The study was conducted in Chamwino district which is one of the the seven districts of Dodoma Region. The district had 63 functioning health facilities, including one district hospital, five public rural health centres, 55 government dispensaries, and two faith based dispensaries. Chamwino district had an estimated 77,429 women of reproductive age (15–49 years) in 2013, 24,242 live births in theprevious two years and a crude birth rate (CBR) of 38.5 births per 1000 population [16, 17].
Study design and population
We conducted a cross-sectional in January 2014 that interviewed recently delivered women (RDW), defined as those women who delivered within two years prior to data collection regardless of newborn outcome.
Sample size and sampling technique
We calculated the sample size using the cluster sampling formula adopted from United Nations guideline , which provided a sample size of 410 women based on the following assumption: proportions of pregnant women who prepared for birth and its complications were estimated at 86 % from Mpwapwa district Tanzania , level of significance at 95 %, Marginal error of 5 %, Design effect of 2 and by considering 10 % non-response rate.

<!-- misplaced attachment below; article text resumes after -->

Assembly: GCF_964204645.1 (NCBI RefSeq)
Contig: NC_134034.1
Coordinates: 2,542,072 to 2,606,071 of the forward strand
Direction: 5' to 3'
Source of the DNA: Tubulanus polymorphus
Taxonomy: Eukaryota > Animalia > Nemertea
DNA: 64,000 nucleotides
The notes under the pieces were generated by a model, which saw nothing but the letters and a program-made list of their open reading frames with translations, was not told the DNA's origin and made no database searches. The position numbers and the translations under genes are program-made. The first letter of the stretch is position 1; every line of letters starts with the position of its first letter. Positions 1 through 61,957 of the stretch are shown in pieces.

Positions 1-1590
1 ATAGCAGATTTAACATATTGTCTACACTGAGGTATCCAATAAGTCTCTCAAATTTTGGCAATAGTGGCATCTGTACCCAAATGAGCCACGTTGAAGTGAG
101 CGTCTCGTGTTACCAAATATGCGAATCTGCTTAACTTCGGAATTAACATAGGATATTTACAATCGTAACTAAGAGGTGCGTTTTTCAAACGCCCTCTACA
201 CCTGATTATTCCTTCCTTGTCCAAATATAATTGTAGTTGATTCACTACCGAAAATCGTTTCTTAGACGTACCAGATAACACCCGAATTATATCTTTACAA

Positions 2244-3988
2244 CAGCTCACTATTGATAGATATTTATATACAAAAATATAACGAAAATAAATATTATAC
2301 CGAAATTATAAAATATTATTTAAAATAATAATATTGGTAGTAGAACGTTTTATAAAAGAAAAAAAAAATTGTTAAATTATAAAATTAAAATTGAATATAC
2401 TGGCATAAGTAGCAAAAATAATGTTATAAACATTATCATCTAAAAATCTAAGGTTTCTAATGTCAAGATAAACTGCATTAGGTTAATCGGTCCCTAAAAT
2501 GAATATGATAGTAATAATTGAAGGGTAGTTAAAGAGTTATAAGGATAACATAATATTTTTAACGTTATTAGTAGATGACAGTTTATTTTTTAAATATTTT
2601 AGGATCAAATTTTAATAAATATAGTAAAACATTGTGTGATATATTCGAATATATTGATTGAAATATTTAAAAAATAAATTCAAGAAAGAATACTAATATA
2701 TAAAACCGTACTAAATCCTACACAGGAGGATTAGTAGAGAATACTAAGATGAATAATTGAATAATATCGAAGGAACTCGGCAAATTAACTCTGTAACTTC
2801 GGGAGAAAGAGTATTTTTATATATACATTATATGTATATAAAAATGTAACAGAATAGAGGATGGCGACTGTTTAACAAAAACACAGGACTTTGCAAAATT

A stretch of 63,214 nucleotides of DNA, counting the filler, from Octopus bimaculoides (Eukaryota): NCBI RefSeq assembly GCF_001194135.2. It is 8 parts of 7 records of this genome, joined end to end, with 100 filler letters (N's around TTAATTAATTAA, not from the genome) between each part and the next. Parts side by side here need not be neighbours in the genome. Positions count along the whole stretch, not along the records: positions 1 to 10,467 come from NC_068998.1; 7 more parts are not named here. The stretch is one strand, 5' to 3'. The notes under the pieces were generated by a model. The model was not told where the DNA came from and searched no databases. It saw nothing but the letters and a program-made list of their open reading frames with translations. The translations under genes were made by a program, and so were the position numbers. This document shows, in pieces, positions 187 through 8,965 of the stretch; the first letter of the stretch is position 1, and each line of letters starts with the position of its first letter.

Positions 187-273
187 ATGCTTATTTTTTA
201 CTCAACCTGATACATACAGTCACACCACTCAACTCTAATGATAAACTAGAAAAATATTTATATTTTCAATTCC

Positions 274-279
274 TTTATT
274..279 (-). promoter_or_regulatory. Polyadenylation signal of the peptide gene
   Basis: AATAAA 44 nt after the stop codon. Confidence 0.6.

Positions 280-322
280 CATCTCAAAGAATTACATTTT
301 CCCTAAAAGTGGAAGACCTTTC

A multi-stage cluster sampling technique was used. At each stage a sampling frame was developed and simple random sampling technique was employed. First, Chamwino district constitutes 32 wards. To determine the representative sample of Chamwino district, 1/8th of the wards were selected. Based on above calculation, four wards were selected randomly from all the 32 wards which constitute the district. From each selected ward, two villages were randomly chosen. Next, one hamlet was randomly chosen from each selected village. All households in each selected hamlet with RDW were visited in sequence and those who were eligible were enrolled. Where more than one RDW found in the same household, only one was randomly selected by using the lottery method. RDW of permanent resident of the Chamwino district, willing to participate and respond to the questionnaire were included in the study. Women who were not permanent resident, not willing to participate in the study, mentally disabled and severely ill were excluded.
Measurements of variables
Socio demographic variables